27




We believe, however, that while tax deductibility is an important factor, it is not the sole factor to be considered in setting executive compensation policy, and therefore reserve the right, in appropriate circumstances, to pay amounts in addition to base salary that might not be deductible. The Committee’s purpose in doing so is to assure that Toro retains its best executives and remains competitive in the market for executive talent.

If non-performance-based compensation in excess of $1 million should become payable to a person who is a “covered employee”, we may consider requiring deferral of receipt of any amounts earned in excess of the cap to a tax year following the year in which the individual leaves the employment of Toro, if permissible under the Internal Revenue Code and regulations thereunder.

Stock Ownership Guidelines

In November 1997, the Committee adopted guidelines to encourage accumulation and retention of Toro Common Stock by officers of Toro, ranging from a goal of five times base salary for the Chief Executive Officer to two or three times for other corporate officers. The recommended time period for reaching the guideline is five years. Based on the Committee’s evaluation as of November 30, 2005, each of the named executive officers was in compliance with the established guidelines. The Committee will continue to review compliance with the policy on an annual basis.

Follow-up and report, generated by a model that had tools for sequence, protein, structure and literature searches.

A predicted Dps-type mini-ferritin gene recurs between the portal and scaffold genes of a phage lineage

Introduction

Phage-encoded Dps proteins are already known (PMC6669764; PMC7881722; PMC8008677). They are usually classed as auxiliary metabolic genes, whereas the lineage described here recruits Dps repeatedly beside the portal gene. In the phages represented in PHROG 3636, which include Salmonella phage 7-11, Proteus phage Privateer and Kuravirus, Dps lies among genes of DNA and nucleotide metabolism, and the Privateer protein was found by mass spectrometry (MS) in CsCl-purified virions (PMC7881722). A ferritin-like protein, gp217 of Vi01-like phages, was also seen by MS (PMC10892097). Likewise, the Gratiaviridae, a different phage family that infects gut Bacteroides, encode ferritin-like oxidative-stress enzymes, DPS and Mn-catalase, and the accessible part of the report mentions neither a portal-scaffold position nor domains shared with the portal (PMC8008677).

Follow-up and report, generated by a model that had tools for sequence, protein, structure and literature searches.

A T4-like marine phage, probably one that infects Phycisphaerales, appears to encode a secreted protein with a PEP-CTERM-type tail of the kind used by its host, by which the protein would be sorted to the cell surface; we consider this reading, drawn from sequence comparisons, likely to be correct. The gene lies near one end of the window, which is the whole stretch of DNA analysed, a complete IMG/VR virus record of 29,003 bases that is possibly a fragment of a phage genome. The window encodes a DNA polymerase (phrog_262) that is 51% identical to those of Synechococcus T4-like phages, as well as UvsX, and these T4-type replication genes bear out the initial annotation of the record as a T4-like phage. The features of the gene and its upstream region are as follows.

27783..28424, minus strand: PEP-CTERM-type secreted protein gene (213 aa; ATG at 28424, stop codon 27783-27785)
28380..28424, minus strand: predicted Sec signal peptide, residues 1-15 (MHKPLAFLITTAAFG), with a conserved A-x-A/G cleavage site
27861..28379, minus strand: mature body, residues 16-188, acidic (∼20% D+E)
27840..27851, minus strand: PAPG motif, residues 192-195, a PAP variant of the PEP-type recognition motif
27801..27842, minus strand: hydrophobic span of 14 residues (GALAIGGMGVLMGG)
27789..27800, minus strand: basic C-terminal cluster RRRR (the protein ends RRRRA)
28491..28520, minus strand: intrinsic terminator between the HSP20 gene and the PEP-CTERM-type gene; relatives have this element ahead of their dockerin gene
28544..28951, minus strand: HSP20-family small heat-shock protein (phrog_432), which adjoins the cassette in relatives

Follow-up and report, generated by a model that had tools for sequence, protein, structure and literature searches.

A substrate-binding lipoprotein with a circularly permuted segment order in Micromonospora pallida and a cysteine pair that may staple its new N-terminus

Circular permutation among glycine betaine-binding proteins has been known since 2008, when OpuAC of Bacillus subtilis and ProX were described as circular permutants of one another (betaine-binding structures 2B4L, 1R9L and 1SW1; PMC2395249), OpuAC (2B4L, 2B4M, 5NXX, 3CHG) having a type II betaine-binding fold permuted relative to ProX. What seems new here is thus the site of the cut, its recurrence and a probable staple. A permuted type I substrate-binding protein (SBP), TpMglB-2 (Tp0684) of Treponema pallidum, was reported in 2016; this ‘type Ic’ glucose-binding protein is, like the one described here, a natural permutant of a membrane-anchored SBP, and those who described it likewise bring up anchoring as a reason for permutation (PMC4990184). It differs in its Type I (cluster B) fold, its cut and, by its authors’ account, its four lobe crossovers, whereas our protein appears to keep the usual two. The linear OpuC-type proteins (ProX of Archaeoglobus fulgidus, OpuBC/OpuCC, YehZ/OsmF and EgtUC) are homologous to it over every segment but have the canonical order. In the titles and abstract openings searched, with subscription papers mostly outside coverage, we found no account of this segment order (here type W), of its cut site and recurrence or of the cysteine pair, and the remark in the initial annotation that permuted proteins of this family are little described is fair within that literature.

Approval of Incentive Plans

All of our recommendations with respect to compensation attributable to Fiscal 2005 were approved and adopted by the Board of Directors. In accordance with Toro’s past practice under Section 16 of the Securities Exchange Act of 1934 and Section 162(m), we continue to make decisions regarding the grant of stock options and other awards, and our decisions are reported to and ratified by the Board.

 

Compensation and Human Resources Committee

 

 

Edwin H. Wingate, Chair

 

Katherine J. Harless

 

 

Ronald O. Baukol

 

Robert H. Nassau

 

 

Janet K. Cooper

 

Gregg W. Steinhafel

 

Compensation and Human Resources
Committee Interlocks and Insider Participation